Age doesn't slow six-time women's amateur champion

Tuesday, July 14, 2009 | 8:31 p.m. CDT; updated 11:50 p.m. CDT, Tuesday, July 14, 2009

COLUMBIA — Ellen Port lines up her shot on the 18th hole. Her tee shot put her 100 yards from the hole, but the wind and height of the green make a wedge shot inadequate. She pulls out her 8-iron and addresses the ball after her threesome partners hit their balls 15 and 30 feet from the pin. Port takes a full swing, and the ball comes off the iron with a velocity that makes those standing behind the green wince, fearing they might be hit.

Halfway through the ball’s trajectory, it heels, catching backspin and dives towards the center of the green. The ball comes down and bounces a putter’s head length to the left of the cup. It seemingly spins in place on the green for a moment before it bounces nearly straight up, back into the air. It catches the putting surface again and spins a few inches to within three feet of the hole.

Women's Amateur Championship Leaderboard-Round One

1. Chelsea Schriewer - St. Charles - 71 (-1)

2. Alisha Matthews - St. Louis - 72 (E)

3. Kelsey Meyer - Chesterfield - 75 (+3)

T4. Katrina Choate - Fenton - 76 (+4)

T4. Ellen Port - St. Louis - 76 (+4)

T6. Mary Kate Bird - Kansas City - 78 (+6)

T6. Kristen Hamel - Chesterfield - 78 (+6)

T6. Jennifer Holt - Lake Ozark - 78 (+6)

T6. Morgan Lamberson - Marshall - 78 (+6)

T10. Mindy Bullard - Columbia - 80 (+8)

T10. Tina Jones - Wildwood - 80 (+8)

T10. Hanule "Sky" Seo - Chesterfield - 80 (+8)

T10. Naomi Starr - Columbia - 80 (+8)

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Port taps the putt in, finishing with a 76 for the round, after her playing partners Hanule Seo and Madison Marcolla complement her shot. Port, from St. Louis, is a six-time winner of the Missouri Women’s Golf Association’s Amateur Championship and is in contention for her seventh title.

After the first round of tournament play at The Club at Old Hawthorne, Port is five shots back of leader Chelsea Schriewer, the defending champion. Schriewer, who finished her senior year at MU in May, was the only competitor to break par with her first-round 71 despite having her round was interrupted by a rain delay on the third hole.

With shots like her birdie on the 18th hole, the fact that Port is almost 30 years older than her closest competition means little.

“At 47 and teeing it up and keeping up, that keeps me going," Port said after her round.

Port didn't start playing golf until she was 24, when she would go out with her husband and hit balls at the driving range.

"I didn't think much of it until someone came up to me and said, you might be good at this," Port said.

Six Missouri amateur championships, and two appearances in the Curtis Cup, the international competition for women's amateur golf, someone was right. Even now, as a mother of two, Port has scaled back her competitive schedule, but still loves to compete.

"Now I am only playing two or three tournaments in a year since the birth of my first child in 1997. It's a challenge to stay sharp," Port said. "It would be great to win (title No. 7), I love to win, and every number (of championships) is a good number."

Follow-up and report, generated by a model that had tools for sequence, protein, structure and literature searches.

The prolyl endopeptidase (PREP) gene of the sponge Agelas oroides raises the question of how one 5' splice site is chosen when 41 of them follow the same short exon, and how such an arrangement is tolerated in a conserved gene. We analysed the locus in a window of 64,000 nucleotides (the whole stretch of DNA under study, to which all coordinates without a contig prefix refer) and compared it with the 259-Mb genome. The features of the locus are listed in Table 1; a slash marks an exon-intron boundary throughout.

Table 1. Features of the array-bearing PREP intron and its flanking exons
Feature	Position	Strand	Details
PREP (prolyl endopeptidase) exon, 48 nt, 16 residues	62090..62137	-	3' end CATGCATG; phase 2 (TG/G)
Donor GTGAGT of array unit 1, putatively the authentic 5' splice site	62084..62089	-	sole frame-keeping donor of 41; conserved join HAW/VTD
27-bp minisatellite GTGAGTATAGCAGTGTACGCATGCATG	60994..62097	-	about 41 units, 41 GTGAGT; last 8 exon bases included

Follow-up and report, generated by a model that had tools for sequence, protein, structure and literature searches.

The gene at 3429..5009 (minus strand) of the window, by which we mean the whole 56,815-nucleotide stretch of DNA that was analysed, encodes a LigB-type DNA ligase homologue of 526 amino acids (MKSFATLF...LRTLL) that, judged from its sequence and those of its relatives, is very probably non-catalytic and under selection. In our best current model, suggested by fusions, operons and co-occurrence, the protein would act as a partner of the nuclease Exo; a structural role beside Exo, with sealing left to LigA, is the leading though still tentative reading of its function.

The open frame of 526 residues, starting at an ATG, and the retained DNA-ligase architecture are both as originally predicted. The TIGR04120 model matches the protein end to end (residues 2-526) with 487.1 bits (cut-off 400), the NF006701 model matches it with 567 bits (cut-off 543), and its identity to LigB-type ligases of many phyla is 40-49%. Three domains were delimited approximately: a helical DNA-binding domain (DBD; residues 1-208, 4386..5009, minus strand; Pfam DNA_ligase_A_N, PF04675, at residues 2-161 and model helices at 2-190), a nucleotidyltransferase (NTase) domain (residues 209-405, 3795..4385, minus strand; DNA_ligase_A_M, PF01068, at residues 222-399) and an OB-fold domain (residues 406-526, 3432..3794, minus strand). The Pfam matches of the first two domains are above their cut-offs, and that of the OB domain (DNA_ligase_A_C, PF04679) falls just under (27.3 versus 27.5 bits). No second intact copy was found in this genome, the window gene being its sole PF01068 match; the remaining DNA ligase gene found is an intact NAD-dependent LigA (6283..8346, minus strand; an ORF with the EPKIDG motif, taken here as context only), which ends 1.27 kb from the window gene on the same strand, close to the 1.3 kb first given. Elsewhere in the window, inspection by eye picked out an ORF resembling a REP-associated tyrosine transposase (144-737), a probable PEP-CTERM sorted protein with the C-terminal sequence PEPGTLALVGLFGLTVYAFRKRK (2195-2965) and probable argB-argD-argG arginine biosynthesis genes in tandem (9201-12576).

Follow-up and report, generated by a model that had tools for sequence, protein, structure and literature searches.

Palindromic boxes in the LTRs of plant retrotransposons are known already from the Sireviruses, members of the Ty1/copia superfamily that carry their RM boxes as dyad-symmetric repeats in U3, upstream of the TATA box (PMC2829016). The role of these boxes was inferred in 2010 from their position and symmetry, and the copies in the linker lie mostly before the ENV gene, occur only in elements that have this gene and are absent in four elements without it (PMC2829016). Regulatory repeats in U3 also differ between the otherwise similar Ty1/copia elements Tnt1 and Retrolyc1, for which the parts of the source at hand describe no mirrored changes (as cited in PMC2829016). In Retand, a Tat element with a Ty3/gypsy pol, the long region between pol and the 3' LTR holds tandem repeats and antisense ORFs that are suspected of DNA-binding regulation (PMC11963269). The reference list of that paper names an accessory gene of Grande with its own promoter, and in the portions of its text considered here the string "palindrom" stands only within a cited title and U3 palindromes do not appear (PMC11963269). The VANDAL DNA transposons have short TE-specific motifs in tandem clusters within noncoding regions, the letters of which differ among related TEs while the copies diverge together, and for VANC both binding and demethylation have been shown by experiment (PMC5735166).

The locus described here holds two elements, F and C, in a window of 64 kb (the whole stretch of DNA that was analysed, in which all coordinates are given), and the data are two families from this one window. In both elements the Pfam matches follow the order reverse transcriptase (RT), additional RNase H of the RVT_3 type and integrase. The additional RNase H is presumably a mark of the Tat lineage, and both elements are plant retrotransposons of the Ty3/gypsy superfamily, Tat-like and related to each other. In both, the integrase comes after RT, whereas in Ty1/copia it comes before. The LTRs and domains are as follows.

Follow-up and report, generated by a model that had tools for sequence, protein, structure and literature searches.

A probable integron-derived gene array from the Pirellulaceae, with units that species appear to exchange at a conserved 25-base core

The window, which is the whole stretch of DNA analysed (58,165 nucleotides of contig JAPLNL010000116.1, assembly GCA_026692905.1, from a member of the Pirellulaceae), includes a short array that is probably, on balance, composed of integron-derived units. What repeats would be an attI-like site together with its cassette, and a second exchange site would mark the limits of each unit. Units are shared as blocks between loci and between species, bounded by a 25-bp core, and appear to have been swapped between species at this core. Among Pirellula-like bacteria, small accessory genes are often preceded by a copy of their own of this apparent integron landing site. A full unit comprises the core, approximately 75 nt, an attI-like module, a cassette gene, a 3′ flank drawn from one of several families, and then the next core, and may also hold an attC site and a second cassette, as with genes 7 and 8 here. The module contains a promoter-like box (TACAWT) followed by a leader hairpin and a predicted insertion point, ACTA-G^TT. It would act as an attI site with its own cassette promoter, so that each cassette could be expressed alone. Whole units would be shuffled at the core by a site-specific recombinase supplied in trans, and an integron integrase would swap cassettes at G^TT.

Port says at 47 her focus on the game comes and goes, but she finds joy in playing with women who are playing winning golf at such a young age.

"I love to see young kids do so well and develop their game," Port said. "I love how much they understand at such a young age."

As thunderstorms rolled through central Missouri on Tuesday morning, lightning strikes forced the MWGA and the staff at The Club at Old Hawthorne to suspend play around 8:30 a.m. Competition resumed at 11 am, after the course had adequate time to drain.

Travis McCubbin, the head golf professional at The Club at Old Hawthorne, was impressed with the way the 2-year-old course held up in the heavy rains.

“A few spots will hold water, but the slope within the greens and the right type of sand base helps all that water run off,” McCubbin said. “It took a little work to get it back, but it being a new course, it drains extremely easy.”

The leader, Schriewer, said she thought the rain didn’t affect her score.

“The course played well. It’s not too tough, but the rain added a challenge as it made the course longer,” Schriewer said.

Schriewer only missed two greens in regulation Tuesday and said that was the reason she was the leader. Still, Schriewer said a 71 was a worse case scenario for her.

“I went and worked on my putting afterwards,” she said. "My ball striking was pretty good, but if I would have made some one-putts, I could have shot 4 or 5-under-par."

Schriewer was the first to tee off on Tuesday in a pair with Alisha Matthews, who is from St. Louis and plays golf at the University of Southern Illinois. Matthews shot an even-par 72, and is one shot behind Schriewer.

Wednesday’s forecast shows a chance of thunderstorms, but McCubbin said he isn’t concerned.

“If there is no lightning, the will play. The course can handle it,” McCubbin said. “This is the Women’s Amateur Championship, I think they all have rainsuits.”

Port, who lost a five-stroke lead in the final round last year to Schriewer, says that she can reverse the roles from last season if she can fall back into a routine and gain confidence in her play.

"The key to golf is minimizing your mistakes and maximizing your good shots," Port said. "If I play the way I can play, I can compete with anyone."

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